Laurelyn Keener, DVM
Julie Layeux-Parks, DVM
Alli Linn, DVM

Licensed in MN, WI & ND


We offer you and your horse a safe, convenient and controlled environment where we are able to perform thorough oral examination, determine your horses individual needs and follow through with a treatment plan.

The big question: How does an appointment with North Wind Equine work?

Because we work out of a mobile facility, there are unique aspects to an appointment with us. We currently travel with a 17 foot horse trailer. It has been retrofitted to accommodate one horse along with our instruments and equipment with enough room left for owners to have a seat and be involved with the appointment.

When we arrive at your facility we will need access to water (preferably warm if the outdoor temp is below 37) and an electrical outlet. Other than that, it is simply a matter of getting the truck and trailer on a fairly level ground. Because nearly everything we do is inside the trailer, our set up time is minimal.

The basis of good dental care is a thorough examination. To accomplish this, all patients need to be sedated. Depending on the horse, this may be done prior to loading in the trailer. Every horse is additionally given an NSAID (non-steroidal anti-inflammatory) to decrease inflammation and soreness associated with having their mouth open for an extended period of time. If your horse has gastric ulcers, or is currently on an NSAID (for example bute), please let us know before the appointment so that we can adjust their medications accordingly. Once the horse is sedated, the mouth is rinsed to remove all food before placing an oral speculum to hold the mouth open. With a good light, all 36-44 teeth (depending on male or female, and whether or not wolf teeth are present), can be examined individually and as a whole. In addition, all of the surrounding tissues can be visualized. Once problems have been identified, a treatment plan can be made and begun. It is important to remember that the teeth are living, changing structures and can be damaged by overly aggressive work. The goal of equine dentistry is to remove as little tooth as necessary to give the horse a comfortable and functional mouth.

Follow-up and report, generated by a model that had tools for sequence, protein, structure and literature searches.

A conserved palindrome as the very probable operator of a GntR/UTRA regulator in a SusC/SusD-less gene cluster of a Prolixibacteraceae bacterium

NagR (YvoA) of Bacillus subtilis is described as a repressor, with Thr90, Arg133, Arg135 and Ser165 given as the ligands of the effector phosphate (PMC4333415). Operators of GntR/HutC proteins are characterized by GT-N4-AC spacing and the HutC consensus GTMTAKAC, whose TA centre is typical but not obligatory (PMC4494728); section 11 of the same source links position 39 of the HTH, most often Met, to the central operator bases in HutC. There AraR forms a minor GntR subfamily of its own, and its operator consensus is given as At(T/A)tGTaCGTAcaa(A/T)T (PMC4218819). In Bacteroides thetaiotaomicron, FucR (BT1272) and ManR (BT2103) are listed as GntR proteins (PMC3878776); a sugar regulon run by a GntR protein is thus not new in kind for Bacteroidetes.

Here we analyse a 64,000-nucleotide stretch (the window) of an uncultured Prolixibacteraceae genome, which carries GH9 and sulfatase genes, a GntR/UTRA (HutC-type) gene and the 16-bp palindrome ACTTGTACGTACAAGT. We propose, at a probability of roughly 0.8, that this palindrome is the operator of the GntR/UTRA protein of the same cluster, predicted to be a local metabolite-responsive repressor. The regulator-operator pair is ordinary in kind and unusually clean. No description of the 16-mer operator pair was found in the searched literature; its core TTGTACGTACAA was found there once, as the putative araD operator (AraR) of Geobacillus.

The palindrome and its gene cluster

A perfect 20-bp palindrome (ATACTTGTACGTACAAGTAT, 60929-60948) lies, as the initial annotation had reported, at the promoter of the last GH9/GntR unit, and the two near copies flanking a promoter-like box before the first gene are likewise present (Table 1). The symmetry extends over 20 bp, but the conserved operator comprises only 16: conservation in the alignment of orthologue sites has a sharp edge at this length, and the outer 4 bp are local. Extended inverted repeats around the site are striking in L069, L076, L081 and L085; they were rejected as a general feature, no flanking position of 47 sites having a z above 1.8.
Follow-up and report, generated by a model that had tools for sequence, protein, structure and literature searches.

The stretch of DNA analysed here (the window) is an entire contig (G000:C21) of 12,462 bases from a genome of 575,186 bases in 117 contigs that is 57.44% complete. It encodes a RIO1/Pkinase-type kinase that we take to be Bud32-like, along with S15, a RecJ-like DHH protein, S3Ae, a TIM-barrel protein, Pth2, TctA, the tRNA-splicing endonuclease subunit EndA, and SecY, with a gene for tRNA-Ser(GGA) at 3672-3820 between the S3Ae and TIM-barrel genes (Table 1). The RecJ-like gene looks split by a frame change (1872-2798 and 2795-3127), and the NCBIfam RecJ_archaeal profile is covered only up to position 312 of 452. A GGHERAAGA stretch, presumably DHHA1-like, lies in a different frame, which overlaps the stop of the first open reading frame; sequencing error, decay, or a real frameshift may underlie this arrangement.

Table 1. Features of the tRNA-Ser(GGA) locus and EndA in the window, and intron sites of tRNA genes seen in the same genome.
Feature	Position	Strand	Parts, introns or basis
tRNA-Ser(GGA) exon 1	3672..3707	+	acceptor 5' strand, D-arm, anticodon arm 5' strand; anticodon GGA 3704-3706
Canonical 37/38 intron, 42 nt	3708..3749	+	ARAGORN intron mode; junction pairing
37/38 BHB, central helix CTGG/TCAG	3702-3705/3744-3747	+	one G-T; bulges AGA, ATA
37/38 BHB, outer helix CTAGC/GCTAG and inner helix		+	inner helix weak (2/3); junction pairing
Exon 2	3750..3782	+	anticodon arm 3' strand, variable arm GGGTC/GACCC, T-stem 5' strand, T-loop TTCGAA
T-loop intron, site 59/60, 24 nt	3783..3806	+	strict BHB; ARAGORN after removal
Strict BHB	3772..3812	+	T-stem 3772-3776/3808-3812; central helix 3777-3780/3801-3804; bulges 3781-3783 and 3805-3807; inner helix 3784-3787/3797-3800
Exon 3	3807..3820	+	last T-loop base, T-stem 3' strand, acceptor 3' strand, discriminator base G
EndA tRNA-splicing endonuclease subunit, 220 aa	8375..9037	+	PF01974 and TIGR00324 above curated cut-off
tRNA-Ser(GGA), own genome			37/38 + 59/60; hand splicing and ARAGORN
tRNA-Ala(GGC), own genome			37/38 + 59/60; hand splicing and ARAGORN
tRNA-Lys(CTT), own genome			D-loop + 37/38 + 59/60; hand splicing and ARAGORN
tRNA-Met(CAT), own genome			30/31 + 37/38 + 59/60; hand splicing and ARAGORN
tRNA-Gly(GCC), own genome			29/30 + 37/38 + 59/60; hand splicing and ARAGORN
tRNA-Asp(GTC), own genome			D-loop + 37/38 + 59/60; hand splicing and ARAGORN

Horses are kept in the trailer until they are awake enough to walk again. The average time per horse in the trailer is about 50 minutes, depending on the amount of work done and how long the horse takes to wake up.

Because the sedative is still active and inhibits the horses ability to swallow and react, horses need to stay in a safe environment with no hay or grain for about 1 hour after leaving the trailer. This can be a stall or a paddock where no other horses can pick on them. After the hour is up – they can go back to their regular feed and environment.